The narratives of dreams and nightmares have long been represented in art. Whether biblical, fantasies of folklore or fictionalised, artists have for centuries depicted surreal visions. Recent works by the three artists Raqib Shaw, Lu Song and Kenny Scharf all provide interpretation of dreamscapes that linger in your mind long after your first encounter with them.
Raqib Shaw’s large canvases are as beautiful as they can be overwhelming. His iridescent works represent imagined landscapes in meticulous detail. Self-Portrait in Kashmir Landscape draws the viewer into a cascading view of a landscape, presumably Kashmir in its titular reference.
Born in Calcutta, India in 1974, Shaw grew up in Kashmir during the Civil War, but later moved with his family to London. He left his family carpet business behind after a visit to the National Gallery and an encounter with Hans Holbein’s double portrait “The Ambassadors” (1533). Shaw’s works are characterised by the same intricate detailing of Old Master paintings but interrupted by its saturated palette and surrealist details. This specific work’s full title includes a homage to Joachim Patinir (1480-1524), the Flemish Renaissance painter of landscapes. Kashmir Landscape, in contrast to Landscape with St. Jerome (below), boasts full aquamarine hues and snow-capped mountains.
But Shaw’s work also cautions the viewer from being swept up by the fantasy – in the dark recesses of caves and tunnels is the suggestion that there is something not quite right, something not quite perfect about the idyll he depicts.
In between dreams …
Similarly, Lu Song’s recent body of work suggests unsettlement. With none of the full colour of Shaw’s canvases, Lu’s paintings are instead intimate and elusive. Executed in expressive brushstrokes, the works seem abstract upon first glance.
This body of work is centred around George Orwell’s dystopian classic 1984. The paintings often visualise the murky interiors that double as both haven and ultimate prison for the protagonist Winston. The room Winston surreptitiously rents with his lover in 1984 functions as the backdrop of the character’s fantasies for the future – and perhaps ours too.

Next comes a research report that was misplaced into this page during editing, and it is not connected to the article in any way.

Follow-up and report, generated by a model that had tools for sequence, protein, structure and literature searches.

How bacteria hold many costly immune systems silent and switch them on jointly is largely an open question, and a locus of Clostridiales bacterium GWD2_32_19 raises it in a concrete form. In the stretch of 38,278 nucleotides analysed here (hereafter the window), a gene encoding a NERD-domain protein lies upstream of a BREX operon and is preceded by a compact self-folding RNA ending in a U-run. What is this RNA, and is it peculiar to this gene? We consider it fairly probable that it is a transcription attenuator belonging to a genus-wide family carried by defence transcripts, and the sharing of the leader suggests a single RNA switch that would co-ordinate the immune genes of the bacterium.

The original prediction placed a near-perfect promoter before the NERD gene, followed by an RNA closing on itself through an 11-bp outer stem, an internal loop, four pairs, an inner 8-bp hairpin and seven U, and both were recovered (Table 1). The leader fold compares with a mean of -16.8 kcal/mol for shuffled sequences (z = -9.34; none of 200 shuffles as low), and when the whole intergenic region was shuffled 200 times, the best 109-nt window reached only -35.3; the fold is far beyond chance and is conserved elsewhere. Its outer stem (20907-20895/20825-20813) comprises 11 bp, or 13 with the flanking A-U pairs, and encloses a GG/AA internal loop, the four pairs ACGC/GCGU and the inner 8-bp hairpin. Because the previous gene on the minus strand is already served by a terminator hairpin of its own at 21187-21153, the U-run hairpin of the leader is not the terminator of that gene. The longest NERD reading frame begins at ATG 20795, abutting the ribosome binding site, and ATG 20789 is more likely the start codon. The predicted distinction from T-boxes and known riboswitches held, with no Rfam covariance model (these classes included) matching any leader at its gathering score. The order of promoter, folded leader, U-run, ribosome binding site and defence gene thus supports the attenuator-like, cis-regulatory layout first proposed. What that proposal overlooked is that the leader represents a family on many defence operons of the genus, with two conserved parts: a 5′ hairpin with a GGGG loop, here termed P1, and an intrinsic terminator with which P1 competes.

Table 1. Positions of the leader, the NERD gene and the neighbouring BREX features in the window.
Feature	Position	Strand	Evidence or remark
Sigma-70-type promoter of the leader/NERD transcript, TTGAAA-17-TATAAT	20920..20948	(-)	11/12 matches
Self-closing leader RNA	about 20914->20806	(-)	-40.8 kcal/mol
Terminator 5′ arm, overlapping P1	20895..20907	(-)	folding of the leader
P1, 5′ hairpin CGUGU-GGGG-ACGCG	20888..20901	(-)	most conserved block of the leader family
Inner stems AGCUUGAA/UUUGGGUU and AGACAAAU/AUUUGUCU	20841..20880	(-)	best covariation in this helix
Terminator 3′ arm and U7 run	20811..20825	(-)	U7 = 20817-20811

From the dark corners of A Pocket of the Past emerge a gilded table and mirror, amongst what looks like leaves sprouting from mid-air. The artist’s work is informed by his interest in German Romanticism, resulting in the use of thick and free brushwork that moves away from Shaw’s precision.
The artist has often spoken of his deep desire to bridge the disconnect between humans and nature, but it always seems just out of reach, in that liminal space between dreaming and being awake.
Descent into the uncanny
The final iteration of these dreamscapes is Kenny Scharf’s nightmarish “Super-Pop” works. The oldest artist discussed here, Scharf’s diverse artistic practice has morphed continuously from his undergraduate days at the School of Visual Arts in New York in the early 1980s, like ‘changing the channels on the TV’, as he explains in an interview with Hyperallergic. These paintings continue to play with the motifs popularised in his graffiti works for which he is most well-known for.
What connects the famous artist’s work with Lu’s and Shaw’s is the representation of the fantastical with an unnerving familiarity. FUZZUNGLE (2019) seems to suggest a forest scene, but the underbrush populated with garishly smiling flora and fauna.
His detailed fantasy landscapes might be read with Freud’s concept of the ‘uncanny’ in mind – something frightening because it is unheimlich, translated into English as ‘unhomely’. What is so disruptive about Scharf’s works is their suggestion of the real, not just in their echoing of Surrealist landscapes like in ULTRA PLANETA, but in his use of real newspaper headlines discussing climate change printed within WHAT ME WORRY? (BLUE). The red, blue and grey paintings visualise abstract notions of the non-human, the alien and the galactic, that fuse traditions of high art (painting), with the Clip-Art cartoons that live in the timeless fantasies of his works.
Although all three artists come from differing artistic practices, it is fascinating to read their diverse paintings in tandem with one another. Shaw’s landscapes continually blend real life and fantasy, in its homage to historical landscape painting and mythological scenes. Although Lu’s works in subject appear very different, the darker palettes counterpose Shaw’s blinding canvases, which perhaps share more resemblance in tone with Scharf’s overpopulated scenes. The works of Raqib Shaw, Lu Song and Kenny Scharf provide us a freewheeling escape from the dull monotony of daily life.